For refugees on Turkey's coast, it's still (risky) business as usual
Last week's EU-Turkey deal to halt the flow of migrants sailing for Greece has yet to impact the mindsets of Syrian migrants and those who smuggle them into Europe.
Scott Peterson/The Christian Science Monitor/Getty Images
Just one day after the European Union declared that the flow of migrants from Turkey had “now come to an end,” Mehdi Oso set off with his wife and five children for that perilous boat journey from Turkey to Greece – for a second time.
In the first attempt, 10 days before, the Syrian family had been thwarted more than a mile offshore when meter-high waves nearly swamped their small boat overloaded with 54 refugees.
In their second attempt last Wednesday – a day after the EU and Turkey agreed to block the daily flow of 2,500 new arrivals, and announced they had done it – the family never even made it to the boats. Delayed by two hours spent trying to evade Turkish police, the family found the weather had turned too stormy to risk it.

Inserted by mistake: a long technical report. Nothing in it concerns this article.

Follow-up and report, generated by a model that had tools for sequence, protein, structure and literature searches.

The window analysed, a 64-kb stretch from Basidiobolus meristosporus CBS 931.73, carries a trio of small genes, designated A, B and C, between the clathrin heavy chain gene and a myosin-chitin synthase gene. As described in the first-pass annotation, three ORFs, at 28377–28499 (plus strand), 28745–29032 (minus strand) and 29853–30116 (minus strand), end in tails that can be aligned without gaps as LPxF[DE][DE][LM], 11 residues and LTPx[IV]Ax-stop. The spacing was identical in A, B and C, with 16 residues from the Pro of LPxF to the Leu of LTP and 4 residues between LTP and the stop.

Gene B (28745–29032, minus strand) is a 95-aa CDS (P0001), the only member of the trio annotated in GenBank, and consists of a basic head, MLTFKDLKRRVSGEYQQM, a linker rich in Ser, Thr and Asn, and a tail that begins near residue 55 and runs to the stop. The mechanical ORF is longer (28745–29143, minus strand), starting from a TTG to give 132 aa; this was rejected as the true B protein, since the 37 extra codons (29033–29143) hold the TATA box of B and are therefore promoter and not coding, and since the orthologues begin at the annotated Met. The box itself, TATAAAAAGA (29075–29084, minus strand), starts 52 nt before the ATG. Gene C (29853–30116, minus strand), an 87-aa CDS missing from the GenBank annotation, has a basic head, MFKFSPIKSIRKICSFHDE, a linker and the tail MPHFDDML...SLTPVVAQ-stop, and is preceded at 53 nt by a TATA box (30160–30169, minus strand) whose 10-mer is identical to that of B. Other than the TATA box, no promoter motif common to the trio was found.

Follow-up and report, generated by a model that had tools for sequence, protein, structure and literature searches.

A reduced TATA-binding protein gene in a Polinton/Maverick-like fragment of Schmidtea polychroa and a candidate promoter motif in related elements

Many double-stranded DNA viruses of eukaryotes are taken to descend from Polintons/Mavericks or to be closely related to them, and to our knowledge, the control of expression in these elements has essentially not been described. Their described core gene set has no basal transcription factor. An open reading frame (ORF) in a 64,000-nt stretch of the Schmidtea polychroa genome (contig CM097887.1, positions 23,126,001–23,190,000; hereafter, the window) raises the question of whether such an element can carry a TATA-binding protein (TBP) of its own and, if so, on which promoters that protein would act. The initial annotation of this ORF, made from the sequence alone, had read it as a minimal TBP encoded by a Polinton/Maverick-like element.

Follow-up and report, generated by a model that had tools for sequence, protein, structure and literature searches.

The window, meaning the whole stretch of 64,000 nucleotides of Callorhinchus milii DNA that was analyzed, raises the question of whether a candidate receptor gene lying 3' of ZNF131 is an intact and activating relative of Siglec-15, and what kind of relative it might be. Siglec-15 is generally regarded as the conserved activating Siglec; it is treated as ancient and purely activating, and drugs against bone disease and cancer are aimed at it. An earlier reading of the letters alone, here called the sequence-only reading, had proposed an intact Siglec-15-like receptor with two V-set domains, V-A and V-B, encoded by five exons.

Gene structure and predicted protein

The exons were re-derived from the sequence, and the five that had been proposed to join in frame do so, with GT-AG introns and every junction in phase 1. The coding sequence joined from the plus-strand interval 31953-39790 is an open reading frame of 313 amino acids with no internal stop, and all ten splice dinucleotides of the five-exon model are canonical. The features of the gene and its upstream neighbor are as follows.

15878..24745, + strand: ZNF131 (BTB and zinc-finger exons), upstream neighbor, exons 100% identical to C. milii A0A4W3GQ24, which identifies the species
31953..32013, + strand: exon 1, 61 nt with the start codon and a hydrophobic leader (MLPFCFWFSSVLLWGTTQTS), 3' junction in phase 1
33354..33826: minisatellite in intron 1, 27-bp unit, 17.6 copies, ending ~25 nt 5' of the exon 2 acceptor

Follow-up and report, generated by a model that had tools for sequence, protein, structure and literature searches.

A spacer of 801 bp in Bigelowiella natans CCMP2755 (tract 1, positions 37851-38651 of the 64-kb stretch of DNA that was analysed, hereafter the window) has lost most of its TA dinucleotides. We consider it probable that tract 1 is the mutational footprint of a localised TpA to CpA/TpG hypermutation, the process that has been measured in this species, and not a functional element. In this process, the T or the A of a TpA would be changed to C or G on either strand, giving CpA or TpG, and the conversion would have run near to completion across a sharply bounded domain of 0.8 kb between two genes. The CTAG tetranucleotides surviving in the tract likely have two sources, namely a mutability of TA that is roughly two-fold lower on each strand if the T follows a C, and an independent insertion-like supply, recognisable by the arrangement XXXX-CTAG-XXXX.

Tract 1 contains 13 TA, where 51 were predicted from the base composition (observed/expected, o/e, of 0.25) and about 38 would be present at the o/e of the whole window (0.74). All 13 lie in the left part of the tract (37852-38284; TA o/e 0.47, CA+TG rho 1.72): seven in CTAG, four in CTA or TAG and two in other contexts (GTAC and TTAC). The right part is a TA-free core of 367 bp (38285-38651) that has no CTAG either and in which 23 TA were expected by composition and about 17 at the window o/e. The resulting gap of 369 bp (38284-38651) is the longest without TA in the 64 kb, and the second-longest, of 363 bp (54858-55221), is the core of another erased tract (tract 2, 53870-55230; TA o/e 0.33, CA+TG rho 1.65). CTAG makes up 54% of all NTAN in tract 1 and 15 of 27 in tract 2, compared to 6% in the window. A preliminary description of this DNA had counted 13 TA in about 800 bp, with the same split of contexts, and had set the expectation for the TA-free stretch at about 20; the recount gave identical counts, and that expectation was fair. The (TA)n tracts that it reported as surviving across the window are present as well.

But they were not deterred, either by the EU-Turkey deal or by the closure of borders on the overland route to Germany, their dream destination. The family’s refusal to give up – they made a third attempt to reach Greece in pre-dawn darkness Sunday – illustrates the challenge of trying to stop the exodus of asylum claimants from war zones in Syria, Iraq, and Afghanistan. More than a million arrived in 2015, provoking a political backlash in Europe.
The EU-Turkey accord is due to be finalized this week in Brussels. Meanwhile, thousands of migrants have been stranded at the Greek border with Macedonia.
In Izmir, a port on the west coast of Turkey where life jackets and inner tubes are sold alongside suits and designer clothes, would-be refugees and people-smugglers alike say the refugee deal will have little impact on the migrant flow.